Deanna B. Haunsperger, Carleton College
Melville
The authors provide a deep analysis of simple games, particularly with respect to their central concerns of trading, weightedness, and coalitional ordering. They bring a fresh perspective to the field by approaching it from a voting-theoretic angle and utilizing the tools of threshold logic.
Duncan J. Melville, St. Lawrence University
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Product Details

  • ISBN-13: 9780691001203
  • Publisher: Princeton University Press
  • Publication date: 9/22/1999
  • Pages: 248
  • Product dimensions: 6.42 (w) x 9.52 (h) x 0.91 (d)

Table of Contents


Preface ix
Acknowledgments xv
Chapter 1 - Fundamentals 3
1.1 Introduction 3
1.2 Examples 8
1.3 The Dual Game 14
1.4 The Algebra of Simple Games 19
1.5 The Two-Point Constant-Sum Extension of a Game 26
1.6 Pregames and Weighted Graphs 29
1.7 Vector-Weighted Simple Games and Dimension Theory 34
1.8 The Voting Bloc and Bicameral Meet Characterization 39
1.9 The Game behind a Simple Game 40
Chapter 2 General Trading: Weighted Games 43
2.1 Introduction 43
2.2 Trading Transforms and Trading Matrices 45
2.3 Sequential Transfers 54
2.4 The Trading Characterization of Weighted Games 56
2.5 Pregraphs and Graphs 63
2.6 The Traditional Approaches: Systems of Linear Inequalities and Separating Hyperplanes 68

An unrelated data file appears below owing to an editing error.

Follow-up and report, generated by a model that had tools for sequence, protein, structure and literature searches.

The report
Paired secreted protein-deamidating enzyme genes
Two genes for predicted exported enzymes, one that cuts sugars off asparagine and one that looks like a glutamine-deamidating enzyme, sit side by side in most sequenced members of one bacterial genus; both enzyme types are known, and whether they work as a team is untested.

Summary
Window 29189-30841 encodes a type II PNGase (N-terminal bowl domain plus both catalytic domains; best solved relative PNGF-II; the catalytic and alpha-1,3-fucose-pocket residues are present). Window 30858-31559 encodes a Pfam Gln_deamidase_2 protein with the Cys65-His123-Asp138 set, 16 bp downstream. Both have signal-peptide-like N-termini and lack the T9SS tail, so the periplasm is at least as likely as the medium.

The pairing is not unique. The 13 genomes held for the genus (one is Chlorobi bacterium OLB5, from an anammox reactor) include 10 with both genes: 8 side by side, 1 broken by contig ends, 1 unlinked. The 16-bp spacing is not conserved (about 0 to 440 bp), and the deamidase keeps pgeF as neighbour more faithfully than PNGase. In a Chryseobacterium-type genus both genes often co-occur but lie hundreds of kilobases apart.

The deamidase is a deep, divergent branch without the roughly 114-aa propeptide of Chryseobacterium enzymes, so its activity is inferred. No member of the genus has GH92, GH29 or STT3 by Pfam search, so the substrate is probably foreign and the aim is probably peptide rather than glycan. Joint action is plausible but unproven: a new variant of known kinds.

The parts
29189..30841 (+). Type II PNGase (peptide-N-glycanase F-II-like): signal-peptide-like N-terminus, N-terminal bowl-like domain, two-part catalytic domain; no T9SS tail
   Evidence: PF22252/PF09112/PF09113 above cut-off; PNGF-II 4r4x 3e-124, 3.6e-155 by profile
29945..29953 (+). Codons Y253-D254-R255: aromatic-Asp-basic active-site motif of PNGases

2.7 The Gabelman Examples 74
2.8 A General Framework 79
Chapter 3 Pairwise Trading: Linear Games and Winder Games 86
3.1 Introduction 86
3.2 The Desirability Relation on Individuals and Swap Robustness 87
3.3 Shift Minimal Winning Coalitions and the Ordinal Power Structure of a Simple Game 92
3.4 A Classification Theorem for Linear Games 97
3.5 Chvatal's Conjecture 103
3.6 The PSA Pseudoweighting Characterization of Linear Games 110
3.7 The Local Weighting Characterization of Linear Games 115
3.8 Two-Trade Robustness and Winder Games 120
3.9 A Weighting Characterization of Winder Games 122
3.10 The Hereditarily Dual-Comparable Characterization of Winder Games 123
Chapter 4 - Cycle Trading: Weakly Acyclic Games and Strongly Acyclic Games 125
4.1 Introduction 125
4.2 An Impossibility Result for Coalitional Desirability Relations 125